Business technology

Warning! Your wireless network is wide open to hackers

- November 30, 2017 3 MIN READ

Security researchers recently found a big hole in the encryption standard used by almost all wireless networks. Here’s how to protect yourself from hackers.

It’s called the KRACK attack – short for Key Reinstallation Attack – and it could cost you big time.

In October this year, news broke about a devastating security hole in the WPA2 encryption used by more than 90% of wireless networks. Tech heads can click here for all the nitty gritty.

Or if you’re in a hurry, here’s the deal in plain English: the bad guys can use this to break into your wireless network – to see and manipulate all the traffic between your computer and router. They own you completely with this.

That means they can eavesdrop on your emails, passwords, credit card details and photos of your children.

Depending on how your wireless network is set up, they can also forge your internet traffic. This could mean installing ransomware – where you find all your data encrypted and a message extorting your for payment to get it back.

Or perhaps they might steal your processing power to mine bitcoins: your systems will slow to a crawl and you’ll have no idea why.

So North Korea can just press a button and steal my credit card?

It’s not quite that bad. This is what’s known as a proximity-based attack. That means they need to be in wireless range to hack you.

The bad news is that war drivers on the hunt for vulnerable networks will have you in their sights.

They realise that while QANTAS and the Commonwealth Bank have huge IT departments, freelancers and small suburban businesses tend not to have any IT support at all and will just keep doing what they’re doing until they notice.

It’s not all doom and gloom

The good news is that all the big tech companies realise what a mess this is and are scrambling. Windows and MacOS already have security patches – Google just released a patch for Android a few days ago.


You need to update the operating system. If you’re set up for automatic updates then you’ve probably done this already.

If, for whatever reason, you’ve switched automatic updates off – then, for crying out loud, apply the security fixes! They’re important.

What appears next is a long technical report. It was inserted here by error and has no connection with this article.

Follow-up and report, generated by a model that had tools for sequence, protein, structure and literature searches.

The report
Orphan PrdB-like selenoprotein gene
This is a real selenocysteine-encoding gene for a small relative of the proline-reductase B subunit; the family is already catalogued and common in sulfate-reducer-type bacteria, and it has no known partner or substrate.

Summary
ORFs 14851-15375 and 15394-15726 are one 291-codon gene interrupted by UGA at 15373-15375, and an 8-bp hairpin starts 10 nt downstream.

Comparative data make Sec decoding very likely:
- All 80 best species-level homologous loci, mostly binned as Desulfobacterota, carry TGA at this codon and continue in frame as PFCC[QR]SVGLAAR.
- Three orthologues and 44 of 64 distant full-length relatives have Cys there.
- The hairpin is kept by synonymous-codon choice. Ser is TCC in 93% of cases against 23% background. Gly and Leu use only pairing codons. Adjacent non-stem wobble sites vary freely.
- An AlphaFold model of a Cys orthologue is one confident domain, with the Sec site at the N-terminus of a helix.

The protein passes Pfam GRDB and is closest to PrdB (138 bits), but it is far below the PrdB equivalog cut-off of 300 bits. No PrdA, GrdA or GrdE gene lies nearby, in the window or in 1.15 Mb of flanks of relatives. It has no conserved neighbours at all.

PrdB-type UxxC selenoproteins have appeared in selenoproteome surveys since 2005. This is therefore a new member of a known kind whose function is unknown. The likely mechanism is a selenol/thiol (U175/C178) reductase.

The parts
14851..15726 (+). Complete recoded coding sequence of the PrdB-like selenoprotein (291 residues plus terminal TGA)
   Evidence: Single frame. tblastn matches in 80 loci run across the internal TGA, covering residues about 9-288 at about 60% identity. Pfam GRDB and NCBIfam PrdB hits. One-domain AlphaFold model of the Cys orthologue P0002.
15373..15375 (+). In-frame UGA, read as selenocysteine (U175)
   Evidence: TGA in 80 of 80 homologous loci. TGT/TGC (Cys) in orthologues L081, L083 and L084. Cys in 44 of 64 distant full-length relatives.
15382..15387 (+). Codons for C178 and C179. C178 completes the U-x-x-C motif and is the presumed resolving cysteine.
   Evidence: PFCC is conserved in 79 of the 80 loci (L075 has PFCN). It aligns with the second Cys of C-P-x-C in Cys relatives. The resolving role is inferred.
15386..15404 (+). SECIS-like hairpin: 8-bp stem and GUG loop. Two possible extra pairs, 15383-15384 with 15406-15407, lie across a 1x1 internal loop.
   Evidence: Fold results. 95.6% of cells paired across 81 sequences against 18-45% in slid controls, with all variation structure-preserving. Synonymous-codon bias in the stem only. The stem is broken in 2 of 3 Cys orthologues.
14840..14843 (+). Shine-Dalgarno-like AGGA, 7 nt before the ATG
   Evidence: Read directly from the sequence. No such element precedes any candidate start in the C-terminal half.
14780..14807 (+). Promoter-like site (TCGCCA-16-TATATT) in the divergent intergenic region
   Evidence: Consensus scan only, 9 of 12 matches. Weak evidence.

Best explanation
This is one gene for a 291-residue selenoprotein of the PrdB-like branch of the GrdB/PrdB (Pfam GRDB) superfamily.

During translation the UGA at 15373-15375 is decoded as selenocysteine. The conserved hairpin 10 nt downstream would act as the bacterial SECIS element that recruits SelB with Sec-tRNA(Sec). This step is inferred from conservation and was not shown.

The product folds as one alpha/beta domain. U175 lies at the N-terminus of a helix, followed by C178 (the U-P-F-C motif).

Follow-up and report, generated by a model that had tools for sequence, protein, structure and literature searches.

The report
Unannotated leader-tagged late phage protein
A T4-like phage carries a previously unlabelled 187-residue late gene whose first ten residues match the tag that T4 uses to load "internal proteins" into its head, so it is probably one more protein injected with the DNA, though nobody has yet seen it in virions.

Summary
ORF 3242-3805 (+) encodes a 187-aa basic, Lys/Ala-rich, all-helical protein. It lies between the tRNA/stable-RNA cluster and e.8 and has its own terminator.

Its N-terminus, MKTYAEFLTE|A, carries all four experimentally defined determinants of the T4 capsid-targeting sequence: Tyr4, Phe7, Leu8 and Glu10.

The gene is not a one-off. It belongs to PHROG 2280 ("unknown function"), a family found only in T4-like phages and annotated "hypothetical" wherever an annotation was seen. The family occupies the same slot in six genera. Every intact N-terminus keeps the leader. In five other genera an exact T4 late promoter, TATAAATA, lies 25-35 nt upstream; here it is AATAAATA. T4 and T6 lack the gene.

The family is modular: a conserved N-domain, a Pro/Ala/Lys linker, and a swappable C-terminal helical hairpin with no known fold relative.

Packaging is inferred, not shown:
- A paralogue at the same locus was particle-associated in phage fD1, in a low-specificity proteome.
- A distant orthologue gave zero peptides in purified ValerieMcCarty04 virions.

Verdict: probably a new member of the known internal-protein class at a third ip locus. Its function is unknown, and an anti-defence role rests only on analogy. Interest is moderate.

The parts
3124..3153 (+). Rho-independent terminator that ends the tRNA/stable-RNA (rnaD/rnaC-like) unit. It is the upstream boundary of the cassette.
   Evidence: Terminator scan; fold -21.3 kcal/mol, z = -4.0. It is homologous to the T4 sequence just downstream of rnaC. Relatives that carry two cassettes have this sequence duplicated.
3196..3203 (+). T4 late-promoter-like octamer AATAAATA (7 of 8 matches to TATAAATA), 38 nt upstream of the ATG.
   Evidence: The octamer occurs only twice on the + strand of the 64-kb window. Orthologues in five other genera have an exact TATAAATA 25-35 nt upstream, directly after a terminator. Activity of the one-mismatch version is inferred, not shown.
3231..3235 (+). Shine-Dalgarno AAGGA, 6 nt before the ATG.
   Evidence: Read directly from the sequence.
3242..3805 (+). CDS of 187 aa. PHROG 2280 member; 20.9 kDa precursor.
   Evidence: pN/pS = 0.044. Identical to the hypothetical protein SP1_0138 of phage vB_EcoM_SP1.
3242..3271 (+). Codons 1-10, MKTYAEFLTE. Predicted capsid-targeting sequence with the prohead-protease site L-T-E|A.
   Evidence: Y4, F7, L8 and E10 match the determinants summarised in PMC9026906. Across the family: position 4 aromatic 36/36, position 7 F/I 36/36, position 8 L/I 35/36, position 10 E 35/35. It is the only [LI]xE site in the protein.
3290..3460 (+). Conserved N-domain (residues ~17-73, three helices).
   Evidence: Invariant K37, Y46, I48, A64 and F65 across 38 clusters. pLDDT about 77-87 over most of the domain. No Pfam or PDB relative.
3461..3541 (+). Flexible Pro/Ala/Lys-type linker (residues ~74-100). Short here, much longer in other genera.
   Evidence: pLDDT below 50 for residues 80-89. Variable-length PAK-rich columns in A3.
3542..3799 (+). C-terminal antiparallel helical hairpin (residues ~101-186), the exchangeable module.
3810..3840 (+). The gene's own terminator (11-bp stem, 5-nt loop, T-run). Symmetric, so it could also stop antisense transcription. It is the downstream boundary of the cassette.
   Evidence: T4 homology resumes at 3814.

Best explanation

So far, so good. The next thing to update is the firmware on your wireless router – firmware is kind of like the operating system that runs the device. This is the piece of the puzzle that most small business owners are liable to miss.

You can update your router’s firmware by logging in to the device’s administration panel with your web browser. If you’re not sure how to do this and can’t find where you left the bloody instruction manual then here’s a guide to help you.

Be Wary of public Wi-Fi

It’s probably a bit much to expect every hotel manager and cafe owner to be on top of this one. So use your mobile data if you can.

If you’re on the road and have absolutely no choice but to connect your laptop to public Wi-Fi to get your work done, then install the https everywhere extension to your browser. This isn’t a complete fix, but it will encrypt much of your internet traffic, so that the bad guys can’t make sense of anything even if they’re eavesdropping.

Consider the rest of your network security

We’ve all been there – business keeps you busy, with a billion and one other things to think about. Network security tends to be a thing you don’t think about until you discover it’s all gone horribly wrong.

So now is as good time as any to spend 2 minutes reviewing the rest of your network security. It could save you so much headache down the road.

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  • Andrew Caska

    Caska IP Patent Attorneys

    'Flying Solo opened up so many doors for us - I honestly don't know where I'd be without it"